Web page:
Please review the site Rules, Terms of Service, and Privacy Policy at your convenience. Rules, TOS, Privacy
Get familiar with the reaction system: Introducing the Reaction System

Ye olde dim bulb tester

edited March 25 in DIY

I know there are plenty of how-tos out there for this... and this probably flies under the heads of most of you guys. But I assembled one tonight so I figured I'd do some quick documentation.

This basically provides some amount of protection and a quick indication of a potential issue for first power-on testing of a newly assembled electronic device. The bulb will light up with a proportional amount of current draw. Also giving some added resistance to limit excessive current draw. Simple and cheap enough to build. Say $15 nowadays. Gives a chance to save the project you spent more time and money on if there is an issue. Just bear in mind this is the first time I built or used one so I may have got something wrong.

Also, to all those armchair electricians.. This is not for permanent installation/use, only temprary testing. It just happens to use home wiring parts. I know this wouldn't pass local codes. But it shouldn't need to.

The parts: (everything needed except a gromet/clamp for the cord entering the box and additional wires)

Snap off the connections between the two terminals on both the hot and neutral side of the receptacle. This isolates them so one can be used for the bulb and the other goes to the load to be tested.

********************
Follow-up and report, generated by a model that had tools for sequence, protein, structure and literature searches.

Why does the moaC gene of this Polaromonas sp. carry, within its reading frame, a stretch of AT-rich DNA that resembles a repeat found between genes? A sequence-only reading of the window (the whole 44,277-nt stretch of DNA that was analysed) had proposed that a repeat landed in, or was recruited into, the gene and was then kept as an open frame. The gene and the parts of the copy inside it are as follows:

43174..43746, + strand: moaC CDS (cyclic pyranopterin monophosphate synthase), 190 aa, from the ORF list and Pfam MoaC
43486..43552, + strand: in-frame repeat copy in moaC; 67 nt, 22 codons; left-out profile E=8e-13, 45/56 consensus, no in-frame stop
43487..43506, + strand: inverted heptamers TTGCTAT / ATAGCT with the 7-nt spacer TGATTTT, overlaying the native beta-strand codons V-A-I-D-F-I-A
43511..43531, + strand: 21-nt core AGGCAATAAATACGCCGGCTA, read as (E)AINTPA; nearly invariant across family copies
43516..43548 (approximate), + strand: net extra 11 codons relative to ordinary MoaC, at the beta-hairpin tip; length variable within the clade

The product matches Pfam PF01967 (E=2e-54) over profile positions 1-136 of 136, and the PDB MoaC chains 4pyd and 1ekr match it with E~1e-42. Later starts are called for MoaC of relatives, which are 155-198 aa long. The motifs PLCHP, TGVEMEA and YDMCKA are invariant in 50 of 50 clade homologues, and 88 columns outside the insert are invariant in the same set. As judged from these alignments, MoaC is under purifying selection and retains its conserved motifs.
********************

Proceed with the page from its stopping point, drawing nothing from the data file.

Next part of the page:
On the left (normally neutral side) of the receptacles: Attach the green ground wire to the green ground screw, Hot (black) to the top, and the neutral (white) to the bottom terminal. The rest of the box should get grounded via contact with the receptacle mounting, but generally that isn't considered reliable enough. Go ahead and add ground wires connecting to the box and switch (not pictured).

Then on the right "hot" side of the receptacle add a wire to both terminals to go to the switch terminals.

Then button it all up. That Is pretty much it. The bulb goes into an adapter that is plugged into the top receptacle.

An incandescent bulb is required (increasingly difficult to find these days). I am using a 40watt appliance bulb. I imagine that is ok for lower power devices. Otherwise it seems a 75watt is pretty standard for these devices?

For it's first time use. I connected it in-line to the amplifier being tested and flipped the switch on. The bulb lit up for a half second as the power supply charged up the filtering caps then dimmed back down to not visibly producing light. Success!?!



  • Hi tech says, hey low tech what are you doing here? I'm here to protect your ass.

  • I grabbed a few 100 watt bulbs before they became "illegal". I think 75W still gives you enough protection for most amps under 200 watts total output. I just noticed 200W bulbs are still easy to find and pretty cheap too.

  • I'm stocked with 25W, 40W, 60W, 75W, 100W, 150W, 200W, and 300W bulbs. All have clear glass for easy viewing of the filament glow, except for the 60W one, which is frosted.

  • I tried to figure out a way to design it to easily accommodate a kill-a-watt since it's size blocks nearby receptacles. But it would just bump up complexity, cost and physical size. So I opted to keep it simple and compact.. and just use one of the stubby extension cords when I want to use the kill-a-watt.

Sign In or Register to comment.